Original pastel. Signed in blue pastel lower left and in pencil in center back.
Dimensions: Image size: 6" x 9 3/8"; Framed: 16 3/4" x 19 1/8"
No one can remain unmoved by the plein-air pastel works of Auguste Pégurier with their spontaneous, rapid hatching strokes, subtle colors, and their ability to capture the vibrations of intense light and shadow. Although his pastels exude an elegant and subtle sensibility, they also capture the vibrations of the light beautifully.
As a son of a ship captain, and born in the maritime village of Saint-Tropez in the South of France, Pégurier is the first painter, before the arrival of Signac, to turn to the village and its quaint and unknown surroundings for inspiration. Pégurier studied in Toulon, Marseille and then at the Académie Julian in Paris where he studied under Carolus Duran and Cormon. It was at that time that he became friends with John Singer Sargent and discovered the works of the impressionists.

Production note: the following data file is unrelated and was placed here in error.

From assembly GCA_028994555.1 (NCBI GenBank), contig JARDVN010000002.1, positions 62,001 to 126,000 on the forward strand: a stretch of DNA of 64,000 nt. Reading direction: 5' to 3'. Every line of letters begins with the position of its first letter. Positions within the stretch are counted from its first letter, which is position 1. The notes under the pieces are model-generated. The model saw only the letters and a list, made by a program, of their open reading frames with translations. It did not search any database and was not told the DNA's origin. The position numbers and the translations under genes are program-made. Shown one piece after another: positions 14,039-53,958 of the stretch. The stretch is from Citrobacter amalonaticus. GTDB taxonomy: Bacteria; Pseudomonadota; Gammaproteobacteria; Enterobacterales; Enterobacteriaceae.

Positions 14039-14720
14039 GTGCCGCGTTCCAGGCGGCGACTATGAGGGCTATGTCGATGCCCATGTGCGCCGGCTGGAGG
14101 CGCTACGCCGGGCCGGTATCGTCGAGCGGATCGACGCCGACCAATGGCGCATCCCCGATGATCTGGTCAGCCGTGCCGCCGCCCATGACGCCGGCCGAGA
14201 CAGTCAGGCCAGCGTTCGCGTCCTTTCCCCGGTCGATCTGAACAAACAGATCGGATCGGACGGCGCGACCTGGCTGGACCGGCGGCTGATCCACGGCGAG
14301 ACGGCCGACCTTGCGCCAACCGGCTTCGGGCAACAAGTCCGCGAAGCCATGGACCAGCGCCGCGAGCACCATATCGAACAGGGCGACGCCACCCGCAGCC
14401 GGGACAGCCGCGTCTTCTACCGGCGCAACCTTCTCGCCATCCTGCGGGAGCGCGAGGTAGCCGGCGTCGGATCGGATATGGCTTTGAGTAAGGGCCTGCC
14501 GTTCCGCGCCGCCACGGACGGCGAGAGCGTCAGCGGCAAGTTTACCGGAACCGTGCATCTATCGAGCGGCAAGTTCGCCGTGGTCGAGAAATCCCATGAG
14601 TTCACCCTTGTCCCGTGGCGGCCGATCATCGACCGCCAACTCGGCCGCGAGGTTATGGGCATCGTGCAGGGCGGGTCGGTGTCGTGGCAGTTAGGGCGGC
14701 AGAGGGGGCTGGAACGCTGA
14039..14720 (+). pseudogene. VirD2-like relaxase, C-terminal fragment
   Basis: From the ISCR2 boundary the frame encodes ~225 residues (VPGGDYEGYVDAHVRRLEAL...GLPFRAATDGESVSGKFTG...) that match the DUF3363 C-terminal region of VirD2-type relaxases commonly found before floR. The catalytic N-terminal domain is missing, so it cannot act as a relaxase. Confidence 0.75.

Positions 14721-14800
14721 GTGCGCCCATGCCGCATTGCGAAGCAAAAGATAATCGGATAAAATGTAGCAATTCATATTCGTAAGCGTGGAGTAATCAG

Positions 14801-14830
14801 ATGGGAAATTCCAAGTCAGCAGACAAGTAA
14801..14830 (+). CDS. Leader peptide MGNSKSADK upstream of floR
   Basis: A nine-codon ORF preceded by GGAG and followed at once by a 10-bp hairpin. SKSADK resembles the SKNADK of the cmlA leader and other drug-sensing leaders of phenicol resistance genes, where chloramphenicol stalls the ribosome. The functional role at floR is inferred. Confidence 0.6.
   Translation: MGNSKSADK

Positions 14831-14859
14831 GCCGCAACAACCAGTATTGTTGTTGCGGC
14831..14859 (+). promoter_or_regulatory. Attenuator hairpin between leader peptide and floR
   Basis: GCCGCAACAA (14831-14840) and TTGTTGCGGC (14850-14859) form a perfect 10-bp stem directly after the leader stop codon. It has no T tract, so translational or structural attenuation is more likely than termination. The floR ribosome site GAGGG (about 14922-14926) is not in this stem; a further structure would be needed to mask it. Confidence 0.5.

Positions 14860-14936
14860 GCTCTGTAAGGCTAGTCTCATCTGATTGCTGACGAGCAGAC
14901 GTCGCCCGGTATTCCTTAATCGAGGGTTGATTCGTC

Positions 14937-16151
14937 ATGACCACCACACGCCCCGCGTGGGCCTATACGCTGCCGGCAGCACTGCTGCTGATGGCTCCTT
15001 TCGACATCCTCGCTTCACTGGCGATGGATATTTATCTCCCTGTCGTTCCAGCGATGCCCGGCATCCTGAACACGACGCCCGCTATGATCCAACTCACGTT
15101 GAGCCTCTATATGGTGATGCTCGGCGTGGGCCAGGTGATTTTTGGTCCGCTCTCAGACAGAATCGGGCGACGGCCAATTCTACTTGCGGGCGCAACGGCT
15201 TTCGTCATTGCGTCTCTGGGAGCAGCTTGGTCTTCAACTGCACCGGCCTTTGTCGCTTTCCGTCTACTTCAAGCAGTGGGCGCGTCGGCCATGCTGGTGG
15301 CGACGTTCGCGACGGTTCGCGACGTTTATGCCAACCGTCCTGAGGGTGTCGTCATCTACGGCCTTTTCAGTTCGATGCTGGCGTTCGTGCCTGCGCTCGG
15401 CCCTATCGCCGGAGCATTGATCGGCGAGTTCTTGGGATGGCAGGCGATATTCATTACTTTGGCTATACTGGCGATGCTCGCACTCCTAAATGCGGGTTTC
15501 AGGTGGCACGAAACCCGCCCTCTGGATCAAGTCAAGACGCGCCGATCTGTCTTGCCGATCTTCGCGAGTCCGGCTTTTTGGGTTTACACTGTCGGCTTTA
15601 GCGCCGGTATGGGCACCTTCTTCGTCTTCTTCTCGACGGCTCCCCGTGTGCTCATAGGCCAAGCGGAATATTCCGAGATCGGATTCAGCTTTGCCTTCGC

Even though Pégurier traveled to Holland, the Basque country, Venice and Switzerland, he always seemed to direct the subject of his landscapes back to the Provence region. Starting in 1884 he participated in the Salons des Artistes Français. On the advice of Signac, starting in 1886 he also exposed at the Salons des Indépendants and the Salons d’Automne in Paris. A retrospective of his work was held in the Musée de L’Annonciade in Saint-Tropez in 1981. Several of his pastel works are in the collection of the Musée de L’Annonciade. His work is also at the Musée Chéret in Nice and the Musée d’Orsay in Paris.